Chapter Three describes "The Development of the Popular Culture Association" in great detail. Ray Browne, Russel Nye (d. 1993), Marshall Fishwick, and John Cawelti founded the PCA because the American Studies Association seemed too fixated on "high culture." With good humor, "these old goats" attempted "to revolutionize the whole concept of the Humanities in American schools" (p. 22). The first national meeting took place the next year in April of 1971 on the campus of Michigan State U--where Nye was a Distinguished Professor of English. The animus was very much against academia: "Popular Culture was to us was the everyday, the vernacular, the heritage and ways of life that we inherited from our predecessors, used and passed on to our descendants. It was the cultural environment we lived in... Popular Culture probably should not include some ten percent of so-called elite culture, but it should include all folk culture. It is by definition international and comparative in scope, with no time limit; it is not restricted to the present" (p. 24). Browne stresses the many agreements and disagreements among the pioneers, but does not miss the sense of excitement of those early meetings. Some of us miss the fictitious "Tollson Institute" and its cocktail parties where the joys of popular culture bubbled to the surface of our interaction. We had fun breaking away from the redundant studies of T.S. Eliot, choosing rather to consider the impact of popular art forms such as music, film, architecture.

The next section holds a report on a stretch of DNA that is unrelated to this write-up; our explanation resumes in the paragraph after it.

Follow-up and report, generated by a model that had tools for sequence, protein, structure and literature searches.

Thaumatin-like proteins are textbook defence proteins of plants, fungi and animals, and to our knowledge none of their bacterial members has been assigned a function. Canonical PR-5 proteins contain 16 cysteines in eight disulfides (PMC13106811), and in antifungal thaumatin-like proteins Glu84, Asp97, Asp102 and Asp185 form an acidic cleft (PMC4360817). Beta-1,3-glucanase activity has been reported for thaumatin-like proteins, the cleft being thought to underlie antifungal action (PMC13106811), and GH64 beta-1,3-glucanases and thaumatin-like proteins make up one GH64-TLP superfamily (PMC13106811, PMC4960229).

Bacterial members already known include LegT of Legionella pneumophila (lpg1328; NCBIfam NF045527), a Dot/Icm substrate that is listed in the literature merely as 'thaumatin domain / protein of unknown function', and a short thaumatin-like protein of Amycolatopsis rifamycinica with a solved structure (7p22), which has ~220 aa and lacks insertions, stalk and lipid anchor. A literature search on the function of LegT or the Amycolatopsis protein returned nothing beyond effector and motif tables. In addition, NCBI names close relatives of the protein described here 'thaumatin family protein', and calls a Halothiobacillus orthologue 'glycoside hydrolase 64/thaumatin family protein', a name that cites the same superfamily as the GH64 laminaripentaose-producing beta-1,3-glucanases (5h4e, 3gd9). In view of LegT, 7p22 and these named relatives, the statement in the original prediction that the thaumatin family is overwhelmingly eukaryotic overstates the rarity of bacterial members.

Browne also chronicles the early problems with the National Endowment for the Humanities which thought of itself as a bastion of elite culture in a world of boors. One of the leading officers--alas, at my invitation--visited our annual meeting in Chicago and received a verbal tongue-lashing from our officers. (This antipathy may now be over since Sheldon Hackney's friendly talk in Philadelphia at the 1995 national meeting where he described the study of popular culture as central to the humanities in a democracy--a true volte face for his institution.) Back in 1975, Ronald Berman--then the Director of the NEH--even refused to see a deputation of PCA officers! His successor, Joe Duffey was more hospitable, but grants were not forthcoming. (Here, again, we hope for a better future even in stressful times on Pennsylvania Avenue.)